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Ken Daneyko played hockey vs. Bob Probert. He traded blows with Bob Probert. He shared personal pain with Bob Probert. But, most recently, he experienced the lovely nuances of professional figure skating with one of the most feared men in hockey history.

Daneyko and Probert both appeared on CBC's "Battle of the Blades," a hockey-pros-meet-figure-skaters competitive reality show that became a ratings sensation in Canada last season. Probert -- who amassed 3,300 penalty minutes with the Detroit Red Wings and Chicago Blackhawks during 16 NHL seasons -- helped launch the brand with former sparring partner Tie Domi, as the two notorious pugilists were poster boys for the show's juxtaposition between the beasts and the beauties.

"He was a good guy. A big teddy bear," recalled Daneyko of Probert. "It was real ironic. My girlfriend spent some time with us at 'Battle of the Blades' and she said, ‘Is he really one of he toughest guys ever?' and I said, 'Yeah, he really is.'"

Probert's competitive spirit was alive on "Blades," working hard in 5-day-a-week practices before the show began. So it crushed him when he was the first player eliminated in the Battle.

"We felt bad for him, because we all bonded," said Daneyko, recalling a dinner some of the players attended with Probert after his elimination from the show. "We didn't really want to see anyone lose out first. We tried to ease the pain for him."

If there was something Probert knew in his short but noteworthy life, it was pain.

Probert died at 45 years old on Monday, collapsing on a boat and unable to be resuscitated by EMS workers at Windsor Regional Hospital in Ontario. Upon hearing the news, Daneyko and Domi spent a good portion of the afternoon talking with each other about what Daneyko called a "devastating" loss.

The loss of a friend. The loss of a competitor. The loss of a parallel life to his. And, in some ways, the loss of a player that helped define an era of NHL hockey that's completely foreign to today's product.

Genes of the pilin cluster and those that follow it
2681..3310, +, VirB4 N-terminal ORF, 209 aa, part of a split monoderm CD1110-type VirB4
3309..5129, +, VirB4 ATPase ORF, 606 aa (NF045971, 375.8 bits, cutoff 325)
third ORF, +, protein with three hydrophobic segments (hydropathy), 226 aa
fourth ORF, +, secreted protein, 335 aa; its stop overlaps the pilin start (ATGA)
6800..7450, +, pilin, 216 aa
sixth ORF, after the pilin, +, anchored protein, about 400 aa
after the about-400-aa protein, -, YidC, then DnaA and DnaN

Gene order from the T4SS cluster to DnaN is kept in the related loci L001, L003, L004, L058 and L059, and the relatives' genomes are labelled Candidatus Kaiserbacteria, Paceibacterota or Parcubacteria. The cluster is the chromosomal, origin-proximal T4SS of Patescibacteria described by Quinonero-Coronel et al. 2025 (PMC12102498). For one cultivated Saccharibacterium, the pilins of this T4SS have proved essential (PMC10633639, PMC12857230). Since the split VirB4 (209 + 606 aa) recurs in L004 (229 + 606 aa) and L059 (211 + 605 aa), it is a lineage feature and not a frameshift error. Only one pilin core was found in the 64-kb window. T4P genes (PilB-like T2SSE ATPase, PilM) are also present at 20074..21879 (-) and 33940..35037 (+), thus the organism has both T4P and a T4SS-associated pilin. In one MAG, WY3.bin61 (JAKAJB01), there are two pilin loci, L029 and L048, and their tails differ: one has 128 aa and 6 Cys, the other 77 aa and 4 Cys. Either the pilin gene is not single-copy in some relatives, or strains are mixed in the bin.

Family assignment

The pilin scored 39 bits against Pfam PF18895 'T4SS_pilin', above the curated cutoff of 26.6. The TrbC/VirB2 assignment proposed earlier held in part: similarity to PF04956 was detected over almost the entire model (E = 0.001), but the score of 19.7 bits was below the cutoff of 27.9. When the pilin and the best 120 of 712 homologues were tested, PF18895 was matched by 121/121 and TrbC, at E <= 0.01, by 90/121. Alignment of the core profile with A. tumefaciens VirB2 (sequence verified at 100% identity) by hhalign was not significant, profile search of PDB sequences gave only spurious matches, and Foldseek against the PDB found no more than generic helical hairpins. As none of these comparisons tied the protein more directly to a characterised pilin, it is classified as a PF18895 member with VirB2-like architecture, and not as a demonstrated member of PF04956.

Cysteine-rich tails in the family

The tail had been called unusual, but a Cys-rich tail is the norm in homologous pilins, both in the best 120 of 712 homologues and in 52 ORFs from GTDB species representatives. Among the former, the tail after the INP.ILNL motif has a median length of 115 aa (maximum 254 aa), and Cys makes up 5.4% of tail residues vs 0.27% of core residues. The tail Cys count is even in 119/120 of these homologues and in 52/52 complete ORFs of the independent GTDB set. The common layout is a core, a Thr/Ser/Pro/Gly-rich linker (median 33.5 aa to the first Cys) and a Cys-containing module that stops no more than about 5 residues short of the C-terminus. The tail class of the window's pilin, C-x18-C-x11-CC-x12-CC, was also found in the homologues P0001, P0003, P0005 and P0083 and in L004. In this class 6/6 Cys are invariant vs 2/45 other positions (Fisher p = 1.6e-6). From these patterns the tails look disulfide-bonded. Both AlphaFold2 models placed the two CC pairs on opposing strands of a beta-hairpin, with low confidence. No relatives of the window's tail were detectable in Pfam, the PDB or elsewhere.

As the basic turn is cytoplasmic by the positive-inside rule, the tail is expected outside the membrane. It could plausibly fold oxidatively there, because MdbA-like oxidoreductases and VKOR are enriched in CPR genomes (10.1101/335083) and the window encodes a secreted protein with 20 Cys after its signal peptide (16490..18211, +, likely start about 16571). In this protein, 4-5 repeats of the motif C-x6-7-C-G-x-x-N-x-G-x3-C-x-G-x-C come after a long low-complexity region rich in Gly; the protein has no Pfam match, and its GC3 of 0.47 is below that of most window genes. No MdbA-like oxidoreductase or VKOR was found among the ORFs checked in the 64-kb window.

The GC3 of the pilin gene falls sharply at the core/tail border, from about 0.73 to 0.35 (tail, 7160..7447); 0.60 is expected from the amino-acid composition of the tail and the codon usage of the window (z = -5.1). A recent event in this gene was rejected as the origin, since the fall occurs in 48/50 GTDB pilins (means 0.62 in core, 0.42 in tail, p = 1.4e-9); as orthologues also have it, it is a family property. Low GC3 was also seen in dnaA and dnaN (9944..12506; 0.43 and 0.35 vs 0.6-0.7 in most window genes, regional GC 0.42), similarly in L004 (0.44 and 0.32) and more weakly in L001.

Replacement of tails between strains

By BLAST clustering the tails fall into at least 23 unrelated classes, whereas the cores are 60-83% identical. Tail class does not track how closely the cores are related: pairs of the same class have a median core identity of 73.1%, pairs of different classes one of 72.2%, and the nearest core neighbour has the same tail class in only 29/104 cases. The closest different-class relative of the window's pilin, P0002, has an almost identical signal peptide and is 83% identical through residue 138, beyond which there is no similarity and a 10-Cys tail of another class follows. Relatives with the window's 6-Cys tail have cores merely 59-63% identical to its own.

Probert was drafted No. 46 overall in the 1983 NHL Entry Draft by the Detroit Red Wings; Daneyko was taken No. 18 overall in the 1982 Entry Draft by the New Jersey Devils. They would compete in the minor leagues and then in the NHL during their lengthy careers.

On March 6, 1986, the two fought in a game between the Devils and the Wings. "It was an envious thing. When all was said and done, he may have been the toughest ever," said Daneyko.

At that time, Probert was on his way to earning his status as the League's top fighter. He had 16 tilts that season, followed by 17 the following season and then 23 in 1987-88.

"Everybody called him the king. He was the heavyweight champ," said Daneyko. "Every young, tough kid in the League wanted to test him because he was Bob Probert. Even when he was older and wasn't the best."

One of those kids was Devils strongman Troy Crowder, a 6-4 forward from Sudbury who fought his way into the NHL. In Oct. 1990, he took on the king and ... well, he crowned him:

Bloodying Bob Probert in a fight was akin to striking out Tony Gwynn with a 70-mile-an-hour fastball down the middle of the plate: It felt like an athletic impossibility at the time.

Here's why Probert was an iconic player: This loss to Crowder became national hockey news in an era when fights were traded on VHS tapes through the mail rather than streamed on YouTube. A time when fighting wasn't something League marketers attempted shove down the basement stairs into a darkened corner of the house.

He was as compelling a gate attraction as any scorer not named Gretzky or Mario; a player that could sell thousands of tickets or bring eyes to television sets on the promise of a fight against the other team's big goon.

It's hard to imagine, watching today's product, that fights or fighters mattered that much, but they did. And just like in boxing or wrestling, it was because of a strong champion. Probert was Hulk Hogan, taking on every new heel. Probert was Mike Tyson slicing through opponents like they were unworthy -- until someone finally Buster Douglas'd him.